Businesses in Monmouthshire faced a double whammy of business rate increases last year and the impact on small businesses, particularly in the high streets of Monmouth, Chepstow, Abergavenny and Usk has been damaging.
Business rate revaluations usually take place every five years and the Valuation Office Agency conducted a revaluation of all non-domestic properties, which came into force in April 2017. The revaluation adjusts the rateable value of properties to reflect changes in the property market and to redistribute business rates liabilities rather than increase revenue.
The Welsh Government pledged that across Wales, the revaluation would be revenue-neutral. However, as the overall rateable value of properties in Wales had fallen, the Welsh Government also increased the multiplier from April 2017.
But in Monmouthshire, rateable values from the last valuation in 2010 had not decreased. Far from it:
Retail properties in Monmouthshire had seen an average increase in their rateable value of 10%
Offices in Monmouthshire had seen an average increase in their rateable value of 10.5%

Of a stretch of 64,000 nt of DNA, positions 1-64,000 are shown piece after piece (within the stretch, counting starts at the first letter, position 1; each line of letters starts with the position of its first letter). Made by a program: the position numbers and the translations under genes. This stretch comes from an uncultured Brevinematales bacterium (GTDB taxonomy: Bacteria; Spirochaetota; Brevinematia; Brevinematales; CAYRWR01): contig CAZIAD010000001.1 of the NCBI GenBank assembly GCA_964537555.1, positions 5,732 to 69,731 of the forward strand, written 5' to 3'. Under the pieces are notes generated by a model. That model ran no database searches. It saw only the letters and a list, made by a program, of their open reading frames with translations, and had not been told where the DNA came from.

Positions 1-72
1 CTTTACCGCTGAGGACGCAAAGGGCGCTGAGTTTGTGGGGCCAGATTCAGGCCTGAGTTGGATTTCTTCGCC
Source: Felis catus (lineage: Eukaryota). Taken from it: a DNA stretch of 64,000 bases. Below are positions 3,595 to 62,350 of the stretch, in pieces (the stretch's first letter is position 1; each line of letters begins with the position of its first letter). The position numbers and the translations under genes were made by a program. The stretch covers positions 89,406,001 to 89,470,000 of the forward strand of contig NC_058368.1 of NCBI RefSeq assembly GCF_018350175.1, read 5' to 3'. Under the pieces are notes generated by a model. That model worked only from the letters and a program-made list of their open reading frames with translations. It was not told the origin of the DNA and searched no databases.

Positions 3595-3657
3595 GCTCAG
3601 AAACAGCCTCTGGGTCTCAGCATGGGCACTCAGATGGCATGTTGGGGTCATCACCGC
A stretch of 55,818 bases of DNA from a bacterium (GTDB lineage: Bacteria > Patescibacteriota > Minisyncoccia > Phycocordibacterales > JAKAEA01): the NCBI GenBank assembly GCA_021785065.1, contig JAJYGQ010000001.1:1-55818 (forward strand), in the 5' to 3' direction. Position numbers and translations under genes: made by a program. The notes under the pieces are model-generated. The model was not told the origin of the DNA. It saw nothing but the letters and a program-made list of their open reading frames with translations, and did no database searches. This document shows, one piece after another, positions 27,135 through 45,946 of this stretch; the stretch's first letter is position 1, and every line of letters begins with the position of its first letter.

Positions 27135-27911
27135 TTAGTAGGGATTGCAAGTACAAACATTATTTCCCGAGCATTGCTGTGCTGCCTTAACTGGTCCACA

Other commercial properties had seen an average increase in their rateable value of 13.5%
This means a number of businesses in Monmouthshire faced a ‘double-whammy’ in April 2017 of a significant increase in their business rates valuation and the increase the business rate multiplier. Some businesses are being hit even harder because their revaluation has pushed them over the £12,000 threshold and are now no longer eligible for small business rate relief.
Some Monmouthshire businesses saw an increase in their business rates of 200%!!
Nick Ramsay thinks these rate rises were grossly unfair and did all he could to fight them. Now, Nick is using his clout in the Welsh Assembly to put pressure on the Welsh Government to offer additional support to small businesses and campaign for proper business rate reform.
Nick believes the business rate multiplier should be based on local trends, so Monmouthshire firms aren’t plugging the gap for a loss of revenue due to a fall in rateable values in other parts of Wales.